simply made up. Or, if not made up, twisted, rationalised and
distorted until they bear as little relation to the truth as does
President ClintonUs definition of sex.S

Mr Westwater can come across as a trifle obsessed. But his case has
now been taken up both on the Internet and in the local free
press. Jill Stewart, a columnist with the New Times, claims that many
of Mr Davis's Rkey anecdotes and major factsS are Rfake, phoney,
made-up, crackpot, bullshitS; a long essay in the current Salon asks
whether Mr Davis's Los Angeles is all in his head. To make things
worse, a recent issue of LA Weekly, a source that is normally
sympathetic to Mr Davis, reveals that, back in 1989, he made up an
interview with Lewis MacAdams, a poet and environmentalist. (Mr Davis
admits the fabrication, but justifies it on the ground that he was
Rtrying to figure out how to write journalismS.)

One of Mr Davis's key points, first made in RCity of QuartzS, is that
LAUs public spaces are being progressively sealed off from the
populace, with 2,000 Rgated communitiesS and an epidemic of security
cameras and armed guards. His prime example is Bunker Hill, a downtown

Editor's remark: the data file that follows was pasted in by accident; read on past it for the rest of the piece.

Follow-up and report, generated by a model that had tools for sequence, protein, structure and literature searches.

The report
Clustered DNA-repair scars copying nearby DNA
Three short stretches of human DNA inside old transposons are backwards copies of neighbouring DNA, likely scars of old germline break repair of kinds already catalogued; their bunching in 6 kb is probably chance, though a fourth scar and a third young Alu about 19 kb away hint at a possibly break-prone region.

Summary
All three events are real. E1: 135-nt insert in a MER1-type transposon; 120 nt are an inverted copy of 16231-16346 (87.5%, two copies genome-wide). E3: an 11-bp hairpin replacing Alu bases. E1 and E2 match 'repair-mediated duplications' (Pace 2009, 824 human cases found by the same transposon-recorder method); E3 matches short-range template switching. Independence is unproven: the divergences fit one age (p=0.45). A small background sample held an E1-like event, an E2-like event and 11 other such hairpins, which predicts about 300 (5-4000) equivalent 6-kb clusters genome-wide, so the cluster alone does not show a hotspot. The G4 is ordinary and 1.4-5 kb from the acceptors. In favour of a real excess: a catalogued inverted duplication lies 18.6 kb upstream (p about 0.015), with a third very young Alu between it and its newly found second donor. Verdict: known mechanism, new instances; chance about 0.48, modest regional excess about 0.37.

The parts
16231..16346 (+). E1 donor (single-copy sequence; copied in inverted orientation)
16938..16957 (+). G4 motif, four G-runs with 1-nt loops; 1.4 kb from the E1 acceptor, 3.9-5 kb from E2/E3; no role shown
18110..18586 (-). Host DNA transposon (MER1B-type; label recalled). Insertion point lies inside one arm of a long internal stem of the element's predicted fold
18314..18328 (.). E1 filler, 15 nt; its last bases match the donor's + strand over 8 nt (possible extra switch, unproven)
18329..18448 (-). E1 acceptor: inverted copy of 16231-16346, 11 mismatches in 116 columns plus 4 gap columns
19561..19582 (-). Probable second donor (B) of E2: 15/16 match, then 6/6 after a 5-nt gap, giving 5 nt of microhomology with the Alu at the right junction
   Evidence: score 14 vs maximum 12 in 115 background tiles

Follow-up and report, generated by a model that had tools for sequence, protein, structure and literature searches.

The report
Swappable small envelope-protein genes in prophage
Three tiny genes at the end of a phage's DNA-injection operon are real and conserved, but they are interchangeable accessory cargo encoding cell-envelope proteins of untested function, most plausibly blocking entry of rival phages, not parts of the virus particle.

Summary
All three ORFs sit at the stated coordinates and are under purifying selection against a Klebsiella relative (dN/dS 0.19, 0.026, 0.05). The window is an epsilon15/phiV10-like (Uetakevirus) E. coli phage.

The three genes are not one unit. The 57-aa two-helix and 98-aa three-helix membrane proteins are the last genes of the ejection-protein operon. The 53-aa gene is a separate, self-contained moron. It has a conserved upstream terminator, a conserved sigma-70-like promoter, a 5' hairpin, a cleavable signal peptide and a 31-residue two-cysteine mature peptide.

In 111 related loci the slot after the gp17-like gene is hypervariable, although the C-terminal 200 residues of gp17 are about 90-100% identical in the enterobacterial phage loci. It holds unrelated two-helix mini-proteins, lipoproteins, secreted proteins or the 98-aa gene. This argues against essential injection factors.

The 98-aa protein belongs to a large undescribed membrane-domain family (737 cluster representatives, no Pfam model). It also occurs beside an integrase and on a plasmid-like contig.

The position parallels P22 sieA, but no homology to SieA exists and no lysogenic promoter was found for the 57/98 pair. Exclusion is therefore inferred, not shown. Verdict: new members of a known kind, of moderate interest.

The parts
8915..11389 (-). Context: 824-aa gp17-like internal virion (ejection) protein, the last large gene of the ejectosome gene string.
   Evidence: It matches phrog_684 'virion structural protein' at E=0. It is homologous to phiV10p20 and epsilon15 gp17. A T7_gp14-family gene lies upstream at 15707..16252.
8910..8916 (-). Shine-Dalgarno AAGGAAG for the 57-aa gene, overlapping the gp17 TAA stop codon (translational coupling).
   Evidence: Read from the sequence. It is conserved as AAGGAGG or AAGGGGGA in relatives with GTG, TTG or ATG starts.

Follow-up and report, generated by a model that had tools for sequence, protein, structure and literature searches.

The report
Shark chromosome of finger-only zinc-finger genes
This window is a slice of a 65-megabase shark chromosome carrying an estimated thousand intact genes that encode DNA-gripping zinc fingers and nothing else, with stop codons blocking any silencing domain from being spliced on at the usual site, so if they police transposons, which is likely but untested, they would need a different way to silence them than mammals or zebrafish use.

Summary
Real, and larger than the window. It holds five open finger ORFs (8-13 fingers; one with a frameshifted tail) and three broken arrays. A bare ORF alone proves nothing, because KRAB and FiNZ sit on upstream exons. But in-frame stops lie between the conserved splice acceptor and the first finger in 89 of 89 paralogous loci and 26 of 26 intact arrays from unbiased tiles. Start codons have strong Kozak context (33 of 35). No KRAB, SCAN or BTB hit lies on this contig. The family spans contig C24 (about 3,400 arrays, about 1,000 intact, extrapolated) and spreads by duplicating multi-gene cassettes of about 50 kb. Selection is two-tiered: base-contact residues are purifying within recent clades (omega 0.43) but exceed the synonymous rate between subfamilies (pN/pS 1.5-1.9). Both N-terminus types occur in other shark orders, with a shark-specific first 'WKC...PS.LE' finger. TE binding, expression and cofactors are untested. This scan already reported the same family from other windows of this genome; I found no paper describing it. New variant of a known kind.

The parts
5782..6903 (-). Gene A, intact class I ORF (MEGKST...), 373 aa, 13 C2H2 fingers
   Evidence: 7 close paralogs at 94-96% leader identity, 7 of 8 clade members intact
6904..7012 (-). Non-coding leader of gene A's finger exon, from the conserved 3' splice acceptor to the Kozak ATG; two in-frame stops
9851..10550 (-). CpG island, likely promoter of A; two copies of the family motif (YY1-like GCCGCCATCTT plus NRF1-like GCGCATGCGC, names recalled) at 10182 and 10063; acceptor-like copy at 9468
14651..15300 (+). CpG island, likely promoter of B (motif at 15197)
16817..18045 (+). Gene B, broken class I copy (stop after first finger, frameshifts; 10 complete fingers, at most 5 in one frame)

district that Mr Davis describes as Ra fortified redoubtS, complete
with bullet-proof steel doors and a Rtotalitarian semiotics of
ramparts and battlementsS, designed to Rreproduce spatial apartheidS.

But the city's department of planning says that LA has no more than
100 gated communities. Far from embodying the Rarchisemiotics of class
warS, Bunker Hill is one of the most accessible corners of the city,
lavishly provided with lawns, plazas, fountains and even an open-air
amphitheatre for performing artists. It is regularly full of tourists
and Rpeople of colourS. In fact, greater Los Angeles has seen a
flowering of public spaces in the past few years: Santa Monica and
Pasadena have created pedestrian precincts, and Venice Beach and
Melrose Avenue are sometimes as crowded as mid-town Manhattan.

Mr Davis's contention that, thanks to its fragile ecology, LA is an
Rapocalypse theme-parkS is equally off-beam. It is true that, as this